Visual C++ Network: When does 'send()' return?
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Thread: Visual C++ Network: When does 'send()' return?

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    Feb 2003
    Bangalore, India

    Visual C++ Network: When does 'send()' return?

    Q: When does 'send()' return?

    A: As being indicated in the FAQ "Does one call to 'send()' result in one call to 'recv()'?" , there are some specialties about the 'send()' function as well which need to be understood.

    If no error has occurred, 'send()' will return the number of bytes being sent, indicating success. However, this does not mean that the data has been received by the receiving side. To make it more clear, it does not mean that the data is on the wire either. In general, a successful 'send()' simply means that the data has been passed to the lower winsock layer for processing. Since TCP guarantees delivery of data, it can be assured that the data that is handed down for processing will be delivered, as long as the connection is not abnormally terminated and there is no out-of-resource condition on the receiving side.

    So, when is the data handed over for processing? The data to be sent is always buffered at an intermediate level. This buffer size is defined by the 'SO_SNDBUF' option setting, which is 8K by default. If this buffer is full or 0, the application buffer for 'send()' will be locked (so that it cannot be paged out) and the 'send()' call will be blocked as long as the buffer is locked. In case of overlapped 'send', the call will fail with the error 'WSA_IO_PENDING'. Once the buffer is locked it is fetched directly by TCP for processing. Then the blocking 'send()' call succeeds and in the case of overlapped sockets, a completion is posted.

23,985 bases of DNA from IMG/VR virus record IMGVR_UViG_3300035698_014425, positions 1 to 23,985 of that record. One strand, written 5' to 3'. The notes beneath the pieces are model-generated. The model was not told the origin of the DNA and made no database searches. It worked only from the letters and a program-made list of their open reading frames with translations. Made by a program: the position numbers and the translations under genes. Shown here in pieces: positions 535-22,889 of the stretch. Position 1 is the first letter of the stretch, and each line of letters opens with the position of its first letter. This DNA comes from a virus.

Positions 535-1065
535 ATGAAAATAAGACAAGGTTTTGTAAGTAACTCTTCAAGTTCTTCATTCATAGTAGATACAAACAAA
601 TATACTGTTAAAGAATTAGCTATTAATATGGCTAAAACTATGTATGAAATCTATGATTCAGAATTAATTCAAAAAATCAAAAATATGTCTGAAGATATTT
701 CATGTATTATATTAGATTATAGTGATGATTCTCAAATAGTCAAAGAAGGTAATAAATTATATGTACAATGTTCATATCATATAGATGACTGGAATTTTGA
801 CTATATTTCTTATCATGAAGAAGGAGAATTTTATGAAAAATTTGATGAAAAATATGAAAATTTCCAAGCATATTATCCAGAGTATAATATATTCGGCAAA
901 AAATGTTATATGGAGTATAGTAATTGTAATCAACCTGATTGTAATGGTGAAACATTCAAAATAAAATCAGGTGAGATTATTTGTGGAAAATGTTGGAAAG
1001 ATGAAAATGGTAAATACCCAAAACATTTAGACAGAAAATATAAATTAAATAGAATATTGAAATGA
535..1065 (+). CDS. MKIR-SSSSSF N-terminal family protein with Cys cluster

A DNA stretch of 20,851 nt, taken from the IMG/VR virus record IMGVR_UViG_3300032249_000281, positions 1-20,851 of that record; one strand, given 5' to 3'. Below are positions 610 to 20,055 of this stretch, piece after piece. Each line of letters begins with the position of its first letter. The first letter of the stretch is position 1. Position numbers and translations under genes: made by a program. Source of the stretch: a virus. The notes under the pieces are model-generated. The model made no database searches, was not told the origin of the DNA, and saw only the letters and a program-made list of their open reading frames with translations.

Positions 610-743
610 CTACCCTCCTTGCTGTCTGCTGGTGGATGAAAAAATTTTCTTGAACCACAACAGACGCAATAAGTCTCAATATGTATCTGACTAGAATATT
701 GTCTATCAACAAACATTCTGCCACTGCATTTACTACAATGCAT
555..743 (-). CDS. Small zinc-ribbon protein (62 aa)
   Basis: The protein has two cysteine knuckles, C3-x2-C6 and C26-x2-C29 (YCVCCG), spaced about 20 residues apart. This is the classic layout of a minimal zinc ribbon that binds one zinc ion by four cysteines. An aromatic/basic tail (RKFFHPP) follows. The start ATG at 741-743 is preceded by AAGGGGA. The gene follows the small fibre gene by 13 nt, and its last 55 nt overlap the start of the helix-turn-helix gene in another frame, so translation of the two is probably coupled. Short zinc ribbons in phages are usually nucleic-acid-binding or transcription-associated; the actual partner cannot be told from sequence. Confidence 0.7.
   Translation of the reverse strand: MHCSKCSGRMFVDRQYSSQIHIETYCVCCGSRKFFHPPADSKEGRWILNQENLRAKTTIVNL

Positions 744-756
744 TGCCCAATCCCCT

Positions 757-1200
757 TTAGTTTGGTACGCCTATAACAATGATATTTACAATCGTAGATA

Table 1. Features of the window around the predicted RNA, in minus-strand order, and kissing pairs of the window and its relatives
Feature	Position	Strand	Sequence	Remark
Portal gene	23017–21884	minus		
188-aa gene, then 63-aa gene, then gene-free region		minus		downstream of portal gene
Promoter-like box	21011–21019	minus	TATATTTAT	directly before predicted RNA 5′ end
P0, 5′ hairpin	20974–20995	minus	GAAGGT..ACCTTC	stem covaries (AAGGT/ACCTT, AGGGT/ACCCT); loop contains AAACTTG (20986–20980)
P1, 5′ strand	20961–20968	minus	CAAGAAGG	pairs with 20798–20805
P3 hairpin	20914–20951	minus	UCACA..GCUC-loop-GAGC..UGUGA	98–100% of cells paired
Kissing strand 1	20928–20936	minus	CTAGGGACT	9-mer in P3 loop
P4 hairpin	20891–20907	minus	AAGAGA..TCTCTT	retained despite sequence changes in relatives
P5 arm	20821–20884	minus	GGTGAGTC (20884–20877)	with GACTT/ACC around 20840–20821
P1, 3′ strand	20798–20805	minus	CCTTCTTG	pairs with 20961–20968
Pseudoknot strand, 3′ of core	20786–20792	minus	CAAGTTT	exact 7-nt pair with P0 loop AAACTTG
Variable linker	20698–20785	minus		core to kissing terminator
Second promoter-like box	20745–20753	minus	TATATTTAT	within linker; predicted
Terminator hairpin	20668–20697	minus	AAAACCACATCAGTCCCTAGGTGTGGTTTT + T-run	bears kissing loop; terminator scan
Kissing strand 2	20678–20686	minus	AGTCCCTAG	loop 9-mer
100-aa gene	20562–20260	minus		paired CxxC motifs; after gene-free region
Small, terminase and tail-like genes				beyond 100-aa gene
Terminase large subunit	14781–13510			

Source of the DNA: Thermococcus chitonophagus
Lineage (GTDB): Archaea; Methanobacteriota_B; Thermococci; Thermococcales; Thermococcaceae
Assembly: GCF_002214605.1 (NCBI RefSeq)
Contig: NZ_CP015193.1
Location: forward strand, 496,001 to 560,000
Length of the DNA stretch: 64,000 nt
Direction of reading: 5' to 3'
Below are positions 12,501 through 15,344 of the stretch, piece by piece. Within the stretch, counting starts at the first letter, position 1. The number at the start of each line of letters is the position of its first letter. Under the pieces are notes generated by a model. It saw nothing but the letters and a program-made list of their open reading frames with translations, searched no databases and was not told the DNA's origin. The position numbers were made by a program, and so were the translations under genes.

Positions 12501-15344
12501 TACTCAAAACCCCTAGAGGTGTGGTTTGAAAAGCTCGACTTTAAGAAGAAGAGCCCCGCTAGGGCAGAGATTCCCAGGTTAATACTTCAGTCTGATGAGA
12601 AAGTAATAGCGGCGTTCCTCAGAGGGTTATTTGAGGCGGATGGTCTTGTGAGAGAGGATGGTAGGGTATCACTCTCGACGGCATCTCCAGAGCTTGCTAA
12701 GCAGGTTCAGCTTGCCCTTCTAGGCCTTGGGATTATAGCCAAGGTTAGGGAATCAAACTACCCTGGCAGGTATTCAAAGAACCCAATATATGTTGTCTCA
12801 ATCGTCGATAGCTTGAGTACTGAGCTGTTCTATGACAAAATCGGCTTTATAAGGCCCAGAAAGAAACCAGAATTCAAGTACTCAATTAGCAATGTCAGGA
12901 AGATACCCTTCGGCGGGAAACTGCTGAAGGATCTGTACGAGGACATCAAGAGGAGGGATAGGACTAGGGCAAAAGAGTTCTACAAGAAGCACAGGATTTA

Having said the above, one thing to remember is, that 'send()' never guarantees that all the data submitted in the buffer will be sent by TCP with one call. Hence, it is important to check the return value of 'send()' to see if all of the data submitted has been sent successfully or not. If the return value is less than the length of the buffer (passed as third argument), then 'send()' should be called again and so on until all the data has been sent. Note, that this does not apply if overlapped 'send' is being used. In this case, all the data submitted would be send, thereby allowing the user to post multiple 'send' calls. So, you do not have to worry about one of the overlapped 'send' calls completing with only partially sending the data.

    Thanks to Mr. Andreas Masur for his help.

    Last edited by Andreas Masur; July 25th, 2005 at 02:38 PM.

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